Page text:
By Melanie Rawn
Who says I had a choice?
Touchstone knocked me upside the head. This is the second time this has happened to me. The first was Dragon Prince, and I remember it quite clearly.
Memorial Day weekend, 1985. I’d been reading The Kingdom: Arabia and the House of Sa’ud, and my fancy was caught by a description of a group of princes going out hawking, with the flowing robes and the hawks on their arms…riding in Jeeps. I liked everything about this image (except for the Jeeps!) so I began playing with it, just to see if it would take me anywhere. Three days later I had the first four chapters of Dragon Prince.
This happened again with Touchstone. May 9, 2009, nine o’clock in the morning (this time I made a note of it). I’d gotten to sleep at about 3 or so, and woke up with this thing in my head. Didn’t even change out of my nightgown. Went into my office, fired up the computer, and I could scarcely type fast enough. The next time I was even marginally aware of my surroundings, it was well past noon.
Neither instance, of course, was entirely the gobsmacking it sounds. Things accumulate in your head; you’re squirreling away ideas and information whether you know it consciously or not. Eventually it reaches critical mass and demands your absolute undivided attention.
The Exiles series and the Spellbinder books were different; they developed over many months, and I was aware of the process. Golden Key was unique in my experience in that Jennifer Roberson, Kate Elliott, and I created a whole world and a lengthy plotline during a weekend at Jennifer’s house. We wanted to have everything we needed (or at least most of it) before we started writing our individual sections of the book.
But with Touchstone, as with Dragon Prince, the thing was just simply there. Plenty of details to be worked out, of course: the look of the characters and the places, a map, the names (always a problem, but getting worse these days—why is it that every new pharmaceutical on the market sounds like a planet or a city or a character in a fantasy or SF novel? I mean, wouldn’t “Ambien” make a great name for a province?), and all that sort of thing. Still, the characters and overarching concepts were there, and, in my agent’s term, I went into “berserker mode.”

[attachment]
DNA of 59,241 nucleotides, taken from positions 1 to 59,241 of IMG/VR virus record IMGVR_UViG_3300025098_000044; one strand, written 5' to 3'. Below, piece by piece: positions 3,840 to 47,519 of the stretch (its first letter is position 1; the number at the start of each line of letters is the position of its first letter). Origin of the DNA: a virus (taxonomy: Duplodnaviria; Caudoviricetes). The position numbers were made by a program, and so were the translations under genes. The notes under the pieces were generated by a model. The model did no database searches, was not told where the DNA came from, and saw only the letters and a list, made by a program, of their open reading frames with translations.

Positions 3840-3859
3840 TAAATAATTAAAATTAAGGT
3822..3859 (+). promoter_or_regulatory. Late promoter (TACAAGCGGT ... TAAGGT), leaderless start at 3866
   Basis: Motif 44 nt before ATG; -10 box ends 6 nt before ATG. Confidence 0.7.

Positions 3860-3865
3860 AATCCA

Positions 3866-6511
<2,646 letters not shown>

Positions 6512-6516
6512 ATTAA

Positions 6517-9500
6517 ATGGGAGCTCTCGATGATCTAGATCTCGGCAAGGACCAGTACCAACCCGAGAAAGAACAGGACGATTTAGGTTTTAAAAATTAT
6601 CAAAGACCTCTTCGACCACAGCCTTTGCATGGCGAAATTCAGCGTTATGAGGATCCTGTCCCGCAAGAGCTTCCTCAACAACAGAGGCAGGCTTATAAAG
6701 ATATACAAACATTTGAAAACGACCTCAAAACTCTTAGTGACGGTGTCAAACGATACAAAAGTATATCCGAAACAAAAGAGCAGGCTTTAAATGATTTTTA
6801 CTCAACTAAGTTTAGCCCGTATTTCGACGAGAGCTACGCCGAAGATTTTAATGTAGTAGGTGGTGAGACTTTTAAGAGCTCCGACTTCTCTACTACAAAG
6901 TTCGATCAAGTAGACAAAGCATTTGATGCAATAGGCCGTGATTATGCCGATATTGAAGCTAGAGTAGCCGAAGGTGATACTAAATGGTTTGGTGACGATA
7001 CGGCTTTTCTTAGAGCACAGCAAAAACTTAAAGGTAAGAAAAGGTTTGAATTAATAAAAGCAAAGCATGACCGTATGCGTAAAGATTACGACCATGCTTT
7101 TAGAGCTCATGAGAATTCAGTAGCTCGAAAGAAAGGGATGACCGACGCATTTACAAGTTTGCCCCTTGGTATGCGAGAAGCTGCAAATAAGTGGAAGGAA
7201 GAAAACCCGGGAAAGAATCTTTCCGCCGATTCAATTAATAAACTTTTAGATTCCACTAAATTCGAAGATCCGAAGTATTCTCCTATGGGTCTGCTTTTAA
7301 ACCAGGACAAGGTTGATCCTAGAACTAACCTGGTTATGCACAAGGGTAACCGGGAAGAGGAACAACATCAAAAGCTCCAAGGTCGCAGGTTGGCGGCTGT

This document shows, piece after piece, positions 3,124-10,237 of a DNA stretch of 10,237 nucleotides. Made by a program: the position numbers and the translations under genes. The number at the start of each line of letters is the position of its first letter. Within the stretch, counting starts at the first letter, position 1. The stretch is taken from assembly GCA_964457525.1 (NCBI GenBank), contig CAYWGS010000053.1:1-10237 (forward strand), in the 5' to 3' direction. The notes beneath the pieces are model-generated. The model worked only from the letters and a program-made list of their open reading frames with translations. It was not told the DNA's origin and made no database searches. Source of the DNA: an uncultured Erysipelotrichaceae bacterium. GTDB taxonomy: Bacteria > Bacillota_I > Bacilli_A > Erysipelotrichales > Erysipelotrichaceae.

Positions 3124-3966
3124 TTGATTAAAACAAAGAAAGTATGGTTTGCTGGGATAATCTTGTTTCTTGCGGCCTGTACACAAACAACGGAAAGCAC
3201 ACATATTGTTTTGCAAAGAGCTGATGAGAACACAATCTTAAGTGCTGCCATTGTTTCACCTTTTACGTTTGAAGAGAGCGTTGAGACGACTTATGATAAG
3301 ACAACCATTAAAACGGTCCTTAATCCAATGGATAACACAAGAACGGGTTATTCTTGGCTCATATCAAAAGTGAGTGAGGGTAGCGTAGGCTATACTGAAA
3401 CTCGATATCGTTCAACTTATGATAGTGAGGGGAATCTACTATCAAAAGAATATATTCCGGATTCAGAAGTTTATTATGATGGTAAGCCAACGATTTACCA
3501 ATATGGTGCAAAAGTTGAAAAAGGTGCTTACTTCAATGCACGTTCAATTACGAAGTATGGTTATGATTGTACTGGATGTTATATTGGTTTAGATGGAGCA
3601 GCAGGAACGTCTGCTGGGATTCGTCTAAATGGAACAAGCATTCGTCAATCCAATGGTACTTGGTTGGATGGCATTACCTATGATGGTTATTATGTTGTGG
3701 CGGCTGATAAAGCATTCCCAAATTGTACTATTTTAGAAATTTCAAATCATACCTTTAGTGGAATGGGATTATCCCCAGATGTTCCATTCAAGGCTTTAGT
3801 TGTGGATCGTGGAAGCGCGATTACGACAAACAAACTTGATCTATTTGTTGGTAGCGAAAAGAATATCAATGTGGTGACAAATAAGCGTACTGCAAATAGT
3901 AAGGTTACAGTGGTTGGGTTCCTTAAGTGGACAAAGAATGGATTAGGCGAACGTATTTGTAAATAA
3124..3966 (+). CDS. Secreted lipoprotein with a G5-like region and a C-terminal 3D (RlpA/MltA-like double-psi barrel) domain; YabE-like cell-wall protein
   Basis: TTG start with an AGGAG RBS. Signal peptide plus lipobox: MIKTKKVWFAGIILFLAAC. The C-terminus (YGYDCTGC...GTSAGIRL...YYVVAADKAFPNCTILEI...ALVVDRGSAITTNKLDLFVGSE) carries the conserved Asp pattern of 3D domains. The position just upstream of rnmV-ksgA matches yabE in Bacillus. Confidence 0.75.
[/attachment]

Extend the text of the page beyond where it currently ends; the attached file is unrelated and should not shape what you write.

The thing that startled me most was that none of these people are in positions of power within their society. They’re working-class gits, teenaged boys with a chip on each shoulder and more stashed in their pockets. Cade, the certified tormented artist; Jeska, the instinctive actor and enthusiastic ladies’ man; Rafe, the solid and reliable strength behind them all; and Mieka, the key to their success and gleeful purveyor of lunacy. I’ve never written people like them before, and I’m having an indecent amount of fun.
So it’s not that I chose to do something new in the high fantasy genre. It was just suddenly there in my head. And now that it’s in your hands, I hope you have as good a time reading it as I’m having writing it.
From the Tor/Forge March newsletter. Sign up to receive our newsletter via email.
More from our March newsletter:
- Cat-Waxing 101 by Elizabeth Bear
- The Future’s Hot, It’s Getting Hotter by Tobias S. Buckell
- The Funny Thing About Research by C.T. Adams and Cathy Clamp
- Optional Fantasies by Pamela Sargent
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